has been shown that the system can exhibit an emergent [20] V. Khemani, A. Lazarides, R. Moessner, and S. L.

symmetry up to exponentially long times [27]. Sondhi, Physical Review Letters 116, 250401 (2016).

[21] D. V. Else, B. Bauer, and C. Nayak, Physical Review

The authors would like to thank W. W. Ho, V. Khe- Letters 117, 090402 (2016).

mani, J. Choi, H. Zhou, E. Altman, D. Stamper-Kurn, [22] C. W. von Keyserlingk, V. Khemani, and S. L. Sondhi,

and M. Zaletel for useful discussions. This work was Physical Review B 94, 085112 (2016).

[23] N. Y. Yao, A. C. Potter, I.-D. Potirniche, and A. Vish-

supported through NSF, CUA, DOE, the Vannevar

wanath, Physical Review Letters 118, 030401 (2017).

Bush Faculty Fellowship, the LDRD Program of LBNL, [24] J. Zhang, P. W. Hess, A. Kyprianidis, P. Becker, A. Lee,

AFOSR MURI and Moore Foundation. J. Smith, G. Pagano, I. D. Potirniche, A. C. Potter,

A. Vishwanath, N. Y. Yao, and C. Monroe, Nature 543,

217 (2017).

[25] S. Choi, J. Choi, R. Landig, G. Kucsko, H. Zhou, J. Isoya,

F. Jelezko, S. Onoda, H. Sumiya, V. Khemani, C. von

[1] C. L. Degen, F. Reinhard, and P. Cappellaro, Rev. Mod. Keyserlingk, N. Y. Yao, E. A. Demler, and M. D. Lukin,

Phys. 89, 035002 (2017). Nature 543, 221 (2017).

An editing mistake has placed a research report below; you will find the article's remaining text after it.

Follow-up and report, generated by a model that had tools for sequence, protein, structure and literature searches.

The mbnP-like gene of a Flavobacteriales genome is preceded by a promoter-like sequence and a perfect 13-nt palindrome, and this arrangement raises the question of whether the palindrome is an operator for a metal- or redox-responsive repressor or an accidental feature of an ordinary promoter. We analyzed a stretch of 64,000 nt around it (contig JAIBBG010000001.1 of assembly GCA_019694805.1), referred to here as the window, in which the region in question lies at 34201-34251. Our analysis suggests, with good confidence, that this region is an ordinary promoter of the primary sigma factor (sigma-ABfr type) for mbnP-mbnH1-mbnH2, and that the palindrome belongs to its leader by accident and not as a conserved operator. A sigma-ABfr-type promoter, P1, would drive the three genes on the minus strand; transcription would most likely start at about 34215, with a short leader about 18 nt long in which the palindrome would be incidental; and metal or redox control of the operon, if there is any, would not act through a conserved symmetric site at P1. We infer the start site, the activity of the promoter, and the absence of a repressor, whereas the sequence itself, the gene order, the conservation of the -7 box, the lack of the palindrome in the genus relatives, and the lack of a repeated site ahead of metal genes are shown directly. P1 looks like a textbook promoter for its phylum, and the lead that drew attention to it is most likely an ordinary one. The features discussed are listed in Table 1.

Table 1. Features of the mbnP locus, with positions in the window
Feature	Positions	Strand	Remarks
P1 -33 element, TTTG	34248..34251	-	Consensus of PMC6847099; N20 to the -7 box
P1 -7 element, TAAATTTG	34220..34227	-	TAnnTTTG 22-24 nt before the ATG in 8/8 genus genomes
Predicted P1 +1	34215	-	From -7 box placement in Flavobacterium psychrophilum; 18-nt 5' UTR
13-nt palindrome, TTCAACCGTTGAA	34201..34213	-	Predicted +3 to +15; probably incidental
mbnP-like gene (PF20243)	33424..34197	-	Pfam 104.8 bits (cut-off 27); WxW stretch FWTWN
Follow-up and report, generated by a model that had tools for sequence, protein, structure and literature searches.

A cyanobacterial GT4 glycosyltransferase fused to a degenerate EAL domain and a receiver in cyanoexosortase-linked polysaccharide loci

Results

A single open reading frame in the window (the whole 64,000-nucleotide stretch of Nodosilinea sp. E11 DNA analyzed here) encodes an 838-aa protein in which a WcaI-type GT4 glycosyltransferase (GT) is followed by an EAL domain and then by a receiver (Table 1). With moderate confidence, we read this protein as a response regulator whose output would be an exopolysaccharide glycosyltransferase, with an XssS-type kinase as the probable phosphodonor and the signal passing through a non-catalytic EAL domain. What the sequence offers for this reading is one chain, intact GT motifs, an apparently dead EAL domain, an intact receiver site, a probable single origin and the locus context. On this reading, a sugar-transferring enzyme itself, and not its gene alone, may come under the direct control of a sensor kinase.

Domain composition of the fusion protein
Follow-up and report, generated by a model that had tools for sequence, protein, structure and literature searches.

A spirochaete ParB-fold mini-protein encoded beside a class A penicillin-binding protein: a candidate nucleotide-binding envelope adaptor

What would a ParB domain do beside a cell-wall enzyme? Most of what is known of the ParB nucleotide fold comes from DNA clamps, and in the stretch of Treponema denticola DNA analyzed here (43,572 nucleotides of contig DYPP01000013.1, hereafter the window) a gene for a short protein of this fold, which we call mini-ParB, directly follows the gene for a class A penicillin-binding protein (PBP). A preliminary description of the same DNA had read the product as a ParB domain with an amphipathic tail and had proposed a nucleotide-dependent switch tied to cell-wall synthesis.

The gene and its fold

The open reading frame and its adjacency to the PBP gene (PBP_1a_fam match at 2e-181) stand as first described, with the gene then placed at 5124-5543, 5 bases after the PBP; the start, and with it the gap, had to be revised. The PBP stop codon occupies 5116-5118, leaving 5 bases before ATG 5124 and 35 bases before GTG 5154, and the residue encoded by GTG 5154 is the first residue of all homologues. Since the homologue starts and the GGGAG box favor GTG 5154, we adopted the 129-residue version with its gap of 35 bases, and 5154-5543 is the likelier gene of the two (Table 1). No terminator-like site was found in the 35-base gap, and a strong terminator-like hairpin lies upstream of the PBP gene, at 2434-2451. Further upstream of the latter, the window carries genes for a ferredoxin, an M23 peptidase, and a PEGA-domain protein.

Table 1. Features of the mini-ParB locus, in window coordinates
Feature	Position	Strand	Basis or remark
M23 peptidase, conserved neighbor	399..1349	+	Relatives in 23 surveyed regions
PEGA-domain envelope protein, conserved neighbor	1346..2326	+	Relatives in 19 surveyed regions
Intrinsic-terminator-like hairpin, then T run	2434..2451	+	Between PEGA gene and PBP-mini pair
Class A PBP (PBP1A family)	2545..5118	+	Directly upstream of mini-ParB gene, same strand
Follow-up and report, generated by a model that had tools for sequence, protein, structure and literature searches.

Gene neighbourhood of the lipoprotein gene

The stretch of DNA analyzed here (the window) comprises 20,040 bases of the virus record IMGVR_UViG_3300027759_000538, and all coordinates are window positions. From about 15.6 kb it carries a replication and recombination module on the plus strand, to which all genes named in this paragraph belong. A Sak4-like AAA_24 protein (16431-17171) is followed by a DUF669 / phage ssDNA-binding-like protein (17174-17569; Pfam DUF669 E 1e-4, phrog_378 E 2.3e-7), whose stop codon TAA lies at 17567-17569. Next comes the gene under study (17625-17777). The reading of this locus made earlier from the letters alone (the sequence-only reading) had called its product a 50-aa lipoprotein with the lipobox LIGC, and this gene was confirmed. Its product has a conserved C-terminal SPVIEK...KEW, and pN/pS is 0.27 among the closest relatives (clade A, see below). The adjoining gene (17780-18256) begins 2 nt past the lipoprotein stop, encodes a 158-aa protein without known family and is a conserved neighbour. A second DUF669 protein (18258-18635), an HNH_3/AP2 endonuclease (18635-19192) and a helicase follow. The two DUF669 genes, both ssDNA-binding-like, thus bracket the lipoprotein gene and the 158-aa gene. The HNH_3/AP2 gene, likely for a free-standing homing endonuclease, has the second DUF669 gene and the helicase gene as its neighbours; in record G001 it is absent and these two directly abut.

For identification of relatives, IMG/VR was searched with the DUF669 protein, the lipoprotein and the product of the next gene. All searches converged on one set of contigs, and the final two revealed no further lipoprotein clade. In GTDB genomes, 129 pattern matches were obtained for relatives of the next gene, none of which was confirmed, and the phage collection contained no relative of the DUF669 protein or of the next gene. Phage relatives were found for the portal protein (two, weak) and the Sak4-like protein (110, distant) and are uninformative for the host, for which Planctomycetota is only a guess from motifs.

[2] S. A. Diddams, T. Udem, J. C. Bergquist, E. A. Curtis, [26] W. W. Ho, S. Choi, M. D. Lukin, and D. A. Abanin,

R. E. Drullinger, L. Hollberg, W. M. Itano, W. D. Lee, Physical Review Letters 119, 010602 (2017).

C. W. Oates, K. R. Vogel, and D. J. Wineland, Science [27] D. V. Else, B. Bauer, and C. Nayak, Physical Review X

293, 825 (2001). 7, 011026 (2017).

[3] J. M. Taylor, P. Cappellaro, L. Childress, L. Jiang, [28] J. C. Allred, R. N. Lyman, T. W. Kornack, and M. V.

D. Budker, P. R. Hemmer, A. Yacoby, R. Walsworth, Romalis, Physical Review Letters 89, 130801 (2002).

and M. D. Lukin, Nature Physics 4, 810 (2008). [29] C. Deutsch, F. Ramirez-Martinez, C. Lacroûte, F. Rein-

[4] J. R. Maze, P. L. Stanwix, J. S. Hodges, S. Hong, J. M. hard, T. Schneider, J. N. Fuchs, F. Piéchon, F. Laloë,

Taylor, P. Cappellaro, L. Jiang, M. V. G. Dutt, E. Togan, J. Reichel, and P. Rosenbusch, Physical Review Letters

A. S. Zibrov, A. Yacoby, R. L. Walsworth, and M. D. 105, 020401 (2010).

Lukin, Nature 455, 644 (2008). [30] We note that our approach does not change the SQL

[5] L. M. Pham, D. Le Sage, P. L. Stanwix, T. K. Yeung, sensitivity scaling. However, if the external noise which

D. Glenn, A. Trifonov, P. Cappellaro, P. R. Hemmer, limits T2 exhibits spatial correlations, it is well known

M. D. Lukin, H. Park, A. Yacoby, and R. L. Walsworth, that one can achieve an enhanced scaling with N [1].

New Journal of Physics 13, 045021 (2011). [31] P. Zanardi, M. G. A. Paris, and L. C. Venuti, Physical

[6] 506, 71 (2014). Review A 78, 042105 (2008).

[7] D. Budker, P. W. Graham, M. Ledbetter, S. Rajendran, [32] 93, 022103 (2016).

and A. O. Sushkov, Physical Review X 4, 021030 (2014). [33] M. Skotiniotis, P. Sekatski, and W. Dür, New Journal of

[8] J. F. Barry, M. J. Turner, J. M. Schloss, D. R. Glenn, Physics 17, 073032 (2015).